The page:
Trials of Sport

Based on my most recent post, I realized that I should just try to post all the things that I’ve got stored up on my computer. Here’s one of my better short stories. I wrote it leading into my creative writing workshop at UCLA and, reading it again, it’s definitely one of the better things I’ve written.

It’s fiction — although I did go to a Tae Kwon Do class when I was about 7 and witnessed something similar to what’s described below. And I did do Tae Kwon Do in college. You can read about it, complete with terrible headlines here (Club offers ample kicks) and here (Martial arts learning experience continues).

When I turned eleven, my father gave up his dreams of me and sports and success.  It took shock therapy to transfer some of his zeal to me.

“Son, what do you think of the martial arts?” my father had asked me during a mysterious twilight car ride. “You know, like Karate,” he added, when he sensed I hadn’t understood.

“Ooh! Karate would be awesome, Dad!”

He slapped the steering wheel and smiled widely.  “Well, I’m taking you to Taekwondo!”

“Oh.” I wondered what Taekwondo was.  Maybe it was super Karate.  I imagined me balancing on rocks in twenty-foot surf, me crushing steel blocks to powder, me catching flies with chopsticks, me beating up hordes of bad guys while my father looked on proudly.

In reality, my father frowned at me because I wasn’t responding enthusiastically.  I don’t know what he expected.  I was benched in soccer for growling at the other team, but he said I was too young to understand.  During baseball, a pitch got away from him and broke my right hand, but he said that was just bad luck and he was really sorry.  I forgave him.  The football coach put me as kicker, which would have been fine, but we never scored.  My ears got infected swimming and wrestling, and I couldn’t clear the net in tennis.  Taekwondo was probably next on the list.  But I don’t think I knew this at the time.

“Well, son?” he asked. “Will you give it a try?”

I did want to give it a try, but I shrugged.  He always asked if I would give something a try.  But I didn’t want to crush him, so I said, “Yeah, Dad. This’ll be fun.”

He smiled thankfully and turned right.  We were surrounded by a business park. Six cars congregated around a fluorescent sign that read “Taekwondo” and a lighted panel window.  My father parked and made it seven.  Before we went inside, he grabbed both my shoulders and squeezed in the way that good fathers do.  Then he grabbed the door handle and we entered a wood-paneled room.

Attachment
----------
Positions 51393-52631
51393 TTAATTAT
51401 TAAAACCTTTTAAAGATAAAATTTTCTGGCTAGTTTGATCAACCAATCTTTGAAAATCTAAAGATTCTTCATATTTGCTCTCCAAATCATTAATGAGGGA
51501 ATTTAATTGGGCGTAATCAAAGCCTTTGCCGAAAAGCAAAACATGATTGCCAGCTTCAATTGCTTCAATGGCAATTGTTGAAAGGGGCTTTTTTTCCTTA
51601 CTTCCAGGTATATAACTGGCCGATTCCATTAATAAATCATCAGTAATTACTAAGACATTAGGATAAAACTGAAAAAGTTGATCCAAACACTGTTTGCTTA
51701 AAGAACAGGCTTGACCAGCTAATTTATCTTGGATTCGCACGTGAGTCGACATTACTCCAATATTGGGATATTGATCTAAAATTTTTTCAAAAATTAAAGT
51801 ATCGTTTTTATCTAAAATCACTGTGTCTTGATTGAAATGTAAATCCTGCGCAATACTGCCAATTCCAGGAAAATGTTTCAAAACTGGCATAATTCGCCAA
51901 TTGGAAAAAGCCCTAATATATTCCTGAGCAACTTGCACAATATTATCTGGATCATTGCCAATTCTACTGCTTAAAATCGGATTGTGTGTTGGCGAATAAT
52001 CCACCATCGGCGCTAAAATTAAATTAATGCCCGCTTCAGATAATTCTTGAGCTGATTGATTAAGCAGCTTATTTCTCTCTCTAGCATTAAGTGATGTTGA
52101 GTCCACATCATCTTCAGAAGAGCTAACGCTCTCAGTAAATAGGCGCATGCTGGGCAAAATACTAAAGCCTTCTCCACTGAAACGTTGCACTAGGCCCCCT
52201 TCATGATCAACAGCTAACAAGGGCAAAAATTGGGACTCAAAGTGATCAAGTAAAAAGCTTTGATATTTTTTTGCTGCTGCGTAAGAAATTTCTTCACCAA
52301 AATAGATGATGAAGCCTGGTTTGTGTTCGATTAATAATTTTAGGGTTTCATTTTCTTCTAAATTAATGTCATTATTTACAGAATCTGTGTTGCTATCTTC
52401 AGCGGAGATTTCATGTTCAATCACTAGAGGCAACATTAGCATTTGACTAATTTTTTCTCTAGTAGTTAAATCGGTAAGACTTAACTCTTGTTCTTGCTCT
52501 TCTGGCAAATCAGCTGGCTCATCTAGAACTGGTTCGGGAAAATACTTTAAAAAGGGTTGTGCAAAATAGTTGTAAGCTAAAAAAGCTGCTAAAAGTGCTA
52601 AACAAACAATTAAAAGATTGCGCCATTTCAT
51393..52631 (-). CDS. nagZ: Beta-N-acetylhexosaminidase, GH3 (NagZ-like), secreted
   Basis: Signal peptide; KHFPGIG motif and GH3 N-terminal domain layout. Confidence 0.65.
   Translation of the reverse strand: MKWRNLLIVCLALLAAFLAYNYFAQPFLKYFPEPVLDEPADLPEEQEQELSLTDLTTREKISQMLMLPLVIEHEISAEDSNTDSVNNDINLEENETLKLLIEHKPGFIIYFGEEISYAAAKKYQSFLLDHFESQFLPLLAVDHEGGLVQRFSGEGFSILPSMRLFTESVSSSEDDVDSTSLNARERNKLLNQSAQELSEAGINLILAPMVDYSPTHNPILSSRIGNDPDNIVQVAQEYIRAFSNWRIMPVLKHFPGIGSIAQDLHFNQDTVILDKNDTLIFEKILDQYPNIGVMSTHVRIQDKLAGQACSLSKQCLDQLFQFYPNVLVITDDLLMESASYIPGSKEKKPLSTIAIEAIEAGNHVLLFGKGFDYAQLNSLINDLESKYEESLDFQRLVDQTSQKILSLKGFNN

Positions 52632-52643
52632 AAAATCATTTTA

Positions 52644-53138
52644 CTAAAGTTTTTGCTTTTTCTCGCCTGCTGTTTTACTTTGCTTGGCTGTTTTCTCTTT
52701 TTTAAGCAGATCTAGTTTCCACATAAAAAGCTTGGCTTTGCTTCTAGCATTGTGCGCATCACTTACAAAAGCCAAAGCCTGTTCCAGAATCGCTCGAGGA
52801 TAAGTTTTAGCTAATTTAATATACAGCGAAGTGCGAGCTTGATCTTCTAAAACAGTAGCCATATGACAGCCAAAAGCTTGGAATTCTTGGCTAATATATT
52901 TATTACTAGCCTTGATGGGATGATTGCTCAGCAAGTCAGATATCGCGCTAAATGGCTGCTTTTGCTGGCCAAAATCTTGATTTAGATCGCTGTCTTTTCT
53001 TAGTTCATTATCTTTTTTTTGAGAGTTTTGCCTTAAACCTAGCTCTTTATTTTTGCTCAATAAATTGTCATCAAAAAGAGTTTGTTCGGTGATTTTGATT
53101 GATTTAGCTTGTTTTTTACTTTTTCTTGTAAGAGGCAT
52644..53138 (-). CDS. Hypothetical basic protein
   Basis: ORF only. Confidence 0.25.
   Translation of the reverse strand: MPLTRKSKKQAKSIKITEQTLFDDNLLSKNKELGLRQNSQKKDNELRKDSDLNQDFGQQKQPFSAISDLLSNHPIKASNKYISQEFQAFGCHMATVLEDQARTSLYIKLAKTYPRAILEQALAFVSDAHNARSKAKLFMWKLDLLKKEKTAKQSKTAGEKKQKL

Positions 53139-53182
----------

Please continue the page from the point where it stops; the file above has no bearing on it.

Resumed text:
A large man to our left was kicking a hanging bag and coating himself in ceiling dust.  There were other kids around, doing martial-artsy things, but I had eyes only for the big man. He looked like a statue with his white robe and black belt and bronze skin and oiled muscles.

“Here for Taekwondo?” he asked after a final, tremendous kick.  His voice could break boards.  I was disappointed with his lack of accent.

My father nodded, too awed to speak.

“You can’t come on the floor tonight.” He waved an arm to his students, replicas with technicolor belts. “They’re testing to move up a belt.  You can’t start today. You can watch.  Sign here.”  The big man conjured a wavier–maybe he had one up his sleeve–and gave it to my father, who signed it for both of us.  Before he finished, the black belt snatched it back.

The big man trotted onto the wood floor and yelled. The twenty kids jumped to attention. My father looked at me again, asking, “Well?”

“This will be great, Dad.”  I think he knew something was wrong at this point.  I did not.

Twenty minutes later, I watched saucer-eyed as a boy with a blue belt kicked another boy with a green belt in the face.  Then in the groin.

My father grabbed my hand. Two more to the face.  One to the chest.

My father grabbed my other wrist.  Another to the groin.

My father picked me up.  The green belt finally started to cry.

My father reached the door when the master reached the abused boy on the ground.

“What do you do when you are hurt?” the big man screamed an inch from the boy’s face.  What do you do when you are hurt?

I couldn’t hear the boy’s answer through his sobs.

Next thing I knew, we were driving home.  My father’s face was very pale.

“Dad?” I asked quietly. “Are you okay?”

He kneaded his lip with his thumb and forefinger and ignored me.

“Dad, does that usually happen?”  The engine punctuated the silence with a shift.

“Mark, sometimes I think I want you to do too much.”  My father only calls me by my name when he’s upset.  I should have realized this, but I wanted him to answer my question.

“Yeah, but–”

“I love you, Mark, and I only want the best for you.  You know that, don’t you?”  The last time he said that to me, he had just finished telling the nurse how I broke my hand.  I stuck my nose to the window glass and depression set in.  Here it comes.

“I’m sorry, Mark.  I’m really sorry.  You should have never seen that; I should have never let you see that.” He stopped for long enough for my hope to rejuvenate.  Maybe he would take me back.  He might have been sorry, but I had never seen anything so incredible in my life.  I was eleven and saw another boy get yelled at for being beaten up.  And that made me want to take a punch in the gut and deal one right back.  This may have been my father’s objection.